In case you didn’t know, and if you didn’t then you are among a small minority on the entire planet who didn’t know, the World Cup begins next week in Qatar.
NB: the World Cup is the premier soccer (futbol) event in the world. It is held every 4 years.
NB: you may wonder what a post on FIFA and its corruption has to do with the biblical idea of the Beast. My answer is “a lot” and I hope to show this as we proceed.
I asked in my last post, “how could FIFA [the governing body of futbol] grant Qatar the World Cup?” After all, summers in the Arabian desert are not conducive to hosting such an event.
Well, couldn’t they just move it to the winter months? Of course. But you must understand that this was not FIFA’s plan when they awarded the World Cup to Qatar. They had every intention of hosting it in June-July.
NB: there are a host of reasons why the World Cup should be played in June-July; including player safety. (even Sepp Blatter, FIFA’s former president, has recently admitted it was not a good idea—though not because of the human rights concerns).
It was not until several years into the project that they began seeking how they might arrange for the tournament to be played in Nov-Dec.
In my last post, I hinted at some examples of FIFA’s corruption and its “beastlike” activities.
I noted that the host country receives zero revenue for hosting a World Cup. ZERO. FIFA keeps it all: TV rights, merchandise sales, etc., all go to FIFA. And, as a non-profit—FIFA refuses to pay sales tax to the host nation on all merchandise purchases.
Yet, FIFA requires the host country to provide “FIFA quality venues” and infrastructure for all matches.
This often costs host countries billions of dollars (estimates are that in 2010 South Africa spent $7.2 billion; in 2014 Brazil spent $19.7 billion; in 2018 Russia spent $16 billion; and in 2022 Qatar has spent $220 billion).
In case you are wondering, FIFA’s net reserves are in the billions. Yep, a non-profit that has billions in reserves. Even my non-profit only has a few million. Okay, maybe not.
Why would a country even want to host the World Cup?
Host nations are sold on the fact that they can use this as an opportunity to upgrade their infrastructure and better their country. They also benefit from the added exposure and the tourism that the World Cup brings: hotels, restaurants, and the like enjoy the profits.
Even so, we must ask: is it worth it for a country to spend billions preparing for a World Cup?
The answer is likely no. That is why the people of Brazil were protesting in the years, weeks, and months ahead of the World Cup in 2014. The money spent to meet FIFA’s demands for world-class venues could have been used for better purposes.
An example of FIFA’s at times ridiculous demands is found in their request that a World Cup quality venue be built in Manaus, Brazil in time for the 2014 World Cup.
The problem is that this stadium is virtually unusable today for the poor residents of Manaus who cannot afford the ticket prices to attend a game.
Oh, and there is the fact that Manaus, though a large city, is more than an hour from the next populated city in Brazil and there are no roads to travel there.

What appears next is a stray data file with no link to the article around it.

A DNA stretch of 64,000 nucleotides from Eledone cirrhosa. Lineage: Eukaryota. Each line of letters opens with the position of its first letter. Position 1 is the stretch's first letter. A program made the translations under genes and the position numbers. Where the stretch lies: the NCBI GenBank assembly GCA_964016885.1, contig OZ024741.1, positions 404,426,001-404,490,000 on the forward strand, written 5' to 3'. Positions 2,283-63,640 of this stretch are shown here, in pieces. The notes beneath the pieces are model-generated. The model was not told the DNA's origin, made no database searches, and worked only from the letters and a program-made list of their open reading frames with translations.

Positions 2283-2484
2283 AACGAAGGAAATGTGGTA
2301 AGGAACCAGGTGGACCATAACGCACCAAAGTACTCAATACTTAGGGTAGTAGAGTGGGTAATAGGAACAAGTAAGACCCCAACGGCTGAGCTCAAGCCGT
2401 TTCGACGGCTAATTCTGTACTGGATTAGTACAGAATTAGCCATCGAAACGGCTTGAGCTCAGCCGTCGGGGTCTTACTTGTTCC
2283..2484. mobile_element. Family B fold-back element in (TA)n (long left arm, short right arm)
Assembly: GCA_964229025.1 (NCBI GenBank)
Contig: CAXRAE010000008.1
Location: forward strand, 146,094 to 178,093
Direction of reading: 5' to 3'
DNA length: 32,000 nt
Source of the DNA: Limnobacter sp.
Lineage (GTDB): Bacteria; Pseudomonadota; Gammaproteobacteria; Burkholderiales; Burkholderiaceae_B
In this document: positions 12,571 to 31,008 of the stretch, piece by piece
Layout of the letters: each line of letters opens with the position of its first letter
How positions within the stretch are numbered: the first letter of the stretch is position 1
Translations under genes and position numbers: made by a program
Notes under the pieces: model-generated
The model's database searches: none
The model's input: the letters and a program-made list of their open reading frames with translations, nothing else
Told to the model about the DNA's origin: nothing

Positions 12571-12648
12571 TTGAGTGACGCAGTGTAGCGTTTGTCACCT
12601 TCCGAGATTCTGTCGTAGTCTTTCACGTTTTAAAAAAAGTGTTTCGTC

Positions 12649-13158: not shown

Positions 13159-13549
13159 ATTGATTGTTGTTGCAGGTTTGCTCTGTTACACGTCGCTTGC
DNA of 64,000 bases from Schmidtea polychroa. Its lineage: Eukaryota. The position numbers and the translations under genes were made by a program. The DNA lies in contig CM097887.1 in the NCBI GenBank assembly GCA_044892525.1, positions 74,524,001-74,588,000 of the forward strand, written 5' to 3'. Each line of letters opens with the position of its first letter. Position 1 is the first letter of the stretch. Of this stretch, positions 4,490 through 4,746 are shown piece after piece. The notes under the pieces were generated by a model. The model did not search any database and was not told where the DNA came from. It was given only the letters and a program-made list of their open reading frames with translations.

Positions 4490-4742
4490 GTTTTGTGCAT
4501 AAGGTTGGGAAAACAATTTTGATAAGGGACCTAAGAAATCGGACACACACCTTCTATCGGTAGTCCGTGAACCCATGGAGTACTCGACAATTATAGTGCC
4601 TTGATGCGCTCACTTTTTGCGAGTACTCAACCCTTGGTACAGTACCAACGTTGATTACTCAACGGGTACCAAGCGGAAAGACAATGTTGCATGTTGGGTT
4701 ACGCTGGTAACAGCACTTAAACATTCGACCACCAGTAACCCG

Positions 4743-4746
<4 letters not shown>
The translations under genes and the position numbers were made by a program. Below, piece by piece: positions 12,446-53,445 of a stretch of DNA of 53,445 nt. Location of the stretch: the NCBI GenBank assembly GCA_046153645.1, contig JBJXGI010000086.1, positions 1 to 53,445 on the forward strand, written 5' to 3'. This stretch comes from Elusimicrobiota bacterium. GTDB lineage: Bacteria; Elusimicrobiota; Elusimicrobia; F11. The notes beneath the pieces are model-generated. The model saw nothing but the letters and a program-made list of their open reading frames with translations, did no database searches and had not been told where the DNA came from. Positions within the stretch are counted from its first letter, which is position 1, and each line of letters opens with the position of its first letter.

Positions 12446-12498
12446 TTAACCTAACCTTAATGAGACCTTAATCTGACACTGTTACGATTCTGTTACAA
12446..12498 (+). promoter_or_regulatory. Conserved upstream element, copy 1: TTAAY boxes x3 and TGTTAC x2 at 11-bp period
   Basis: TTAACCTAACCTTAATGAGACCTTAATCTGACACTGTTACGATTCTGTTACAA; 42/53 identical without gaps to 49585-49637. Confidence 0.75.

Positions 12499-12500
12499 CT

This is why, when the stadium was being constructed they had to float construction materials up the Amazon just to get it there. Look at what this report says about the stadium in Manaus,
“The Arena da Amazonia is located in Manaus, Brazil. Manaus is in the middle of the Amazon and very hard to travel to. The stadium took 4 years to build. It’s estimated to have cost the Brazilian government $220-$300 million. Three workers died during construction. It’s one of 12 stadiums Brazil built for the 2014 World Cup. The stadium was used for just 4 matches during the World Cup. It was also used for a few matches during the 2016 Olympics.
Now it sits mostly unused. . . . Most local matches bring in fewer than 1,000 people.
The stadium took in $180,000 in the first 4 months of 2016, while spending about $560,000 in operating costs. It’s not the first stadium to sit mostly unused after being used for just a few big events. It probably won’t be the last.”
So much for helping a country with its infrastructure. FIFA’s idea of infrastructure is to provide a stadium that is more costly to maintain than it generates in revenue.
The end result is that the World Cup in 2014 devastated Brazil’s economy.
This is why, once the people of Brazil realized what was happening, they began to protest.
Qatar and the World Cup 2022
None of this is a problem, however, for the gas-rich nation of Qatar. Estimates are that Qatar has spent over $220 billion (with a “B”) on stadiums, transportation, hotels, and the like to host the games.
Here’s the real kicker: the city scheduled to host the finals, Lusail City, didn’t even exist at the time Qatar won the bid. Qatar built an entirely new city, about 15km north of Doha, to accommodate the tournament.
Now imagine what $220 billion could be better spent on. Of course, this is a futile exercise, because it’s unlikely that, should the World Cup have been taken away from Qatar, the $220 billion would have been spent on education, poverty relief, or even growing the game of soccer among the poor.
Why would Qatar want to host the World Cup?
Qatar’s goal has been, among other things, to improve its image and increase tourism in the years to come. (NB: this article on ESPN.com provides more insights into why Qatar is willing to spend $220 billion to host the World Cup even though they receive none of the proceeds from the tournament itself).
One of Qatar’s main efforts has been to improve its global image—thus increasing tourism. In fact, if you want to travel and enjoy the World Cup in person, Qatar will pay for your travel and hotel costs. All you have to do is agree to provide positive social media content regarding Qatar during the time of your stay! (See this article on Yahoo.com for more info).